‘He became my child:’ Woman helped bus stop shooting victim until first responders arrived

She saw the bloody child running to her and knew he needed help.
Published: Sep. 23, 2021 at 5:19 PM EDT|Updated: Sep. 23, 2021 at 11:35 PM EDT
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LOUISVILLE, Ky. (WAVE) - A Louisville woman who lives down the block from where Wednesday’s Russell school bus stop shooting happened rushed to the aid of one of the teenage victims until first responders arrived on the scene.

Chyla Burks told WAVE 3 News she woke up Wednesday attempting to test her son, Tay Lawson, to see if he could wake up for the bus without her help. Because of it, she dozed off.


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Minutes later, she was woken up by the sound of gunfire.

“I hear two gunshots, and I’m kind of shocked,” Burks said. “And I’m looking around, because around here, when you hear gunshots, especially that early in the morning, the kids are out. The first thing that comes to mind is, ‘Where are my kids?’”

Her two sons were still asleep. They missed the bus.

Burks said she called 911 and ran downstairs to see what happened. She said children were running in all directions, trying to avoid the gunfire.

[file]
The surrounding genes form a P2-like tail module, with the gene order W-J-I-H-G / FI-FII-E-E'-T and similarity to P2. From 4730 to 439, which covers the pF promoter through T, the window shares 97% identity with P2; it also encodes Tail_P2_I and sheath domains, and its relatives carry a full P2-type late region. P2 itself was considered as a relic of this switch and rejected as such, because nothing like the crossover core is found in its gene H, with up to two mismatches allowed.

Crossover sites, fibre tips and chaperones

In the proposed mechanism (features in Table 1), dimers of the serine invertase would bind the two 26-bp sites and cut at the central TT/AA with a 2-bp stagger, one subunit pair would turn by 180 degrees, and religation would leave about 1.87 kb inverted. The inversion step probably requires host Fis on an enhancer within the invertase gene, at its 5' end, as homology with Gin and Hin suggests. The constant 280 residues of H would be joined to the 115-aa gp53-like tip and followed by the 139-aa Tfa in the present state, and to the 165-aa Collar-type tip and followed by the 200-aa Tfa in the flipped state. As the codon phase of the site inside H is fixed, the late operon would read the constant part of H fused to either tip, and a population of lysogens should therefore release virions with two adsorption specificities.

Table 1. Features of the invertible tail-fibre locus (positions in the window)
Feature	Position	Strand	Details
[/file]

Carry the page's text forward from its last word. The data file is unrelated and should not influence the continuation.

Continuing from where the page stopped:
One of the children, shot in the shoulder, ran to her.

“I see a kid, just a shadow,” Burks said. “And then I see him dart, running straight to me, and he’s like, ‘Ma’am, ma’am can you help me, can you help me? I’ve been shot.’ And my eyes — I didn’t see him as just a normal kid. He became my child. That’s how I seen this boy; he became my child in that instant.”

Burks told WAVE 3 News she went back upstairs to grab rags and used them to stop the bleeding. The boy’s family and emergency personnel quickly arrived on her porch and the boy was taken to the hospital.

He is expected to survive.

Still, Burks said she was left thinking about what could’ve happened to her son if he had woken up on time.

“Everything just calmed down, but at the same time, I’m just thinking, like, ‘At any given moment or any other day, my child would’ve been out here,’” Burks said.

Thursday, Burks is still trying to organize her thoughts and process what happened 24 hours before.

In addition to thinking about the scene that unfolded before her eyes, Burks said she worries about her neighborhood, which she sees as becoming more dangerous by the day.

“It looks beautiful,” Burks said. “This looks like a peaceful neighborhood to live in, but it’s really not. It’s not fair, and our kids are suffering because of this particular reason.”

Burks said she is also thinking about the boy who came running to her for help.

“If somebody needs my help, I’m going to be there, I can’t help it,” Burks said. “That’s a child. There will never be a day that in my heart that — I don’t care if this child just did something to me the day before, there will never be a day that I will not tell this child you can still come to me for help. Can’t do it.”

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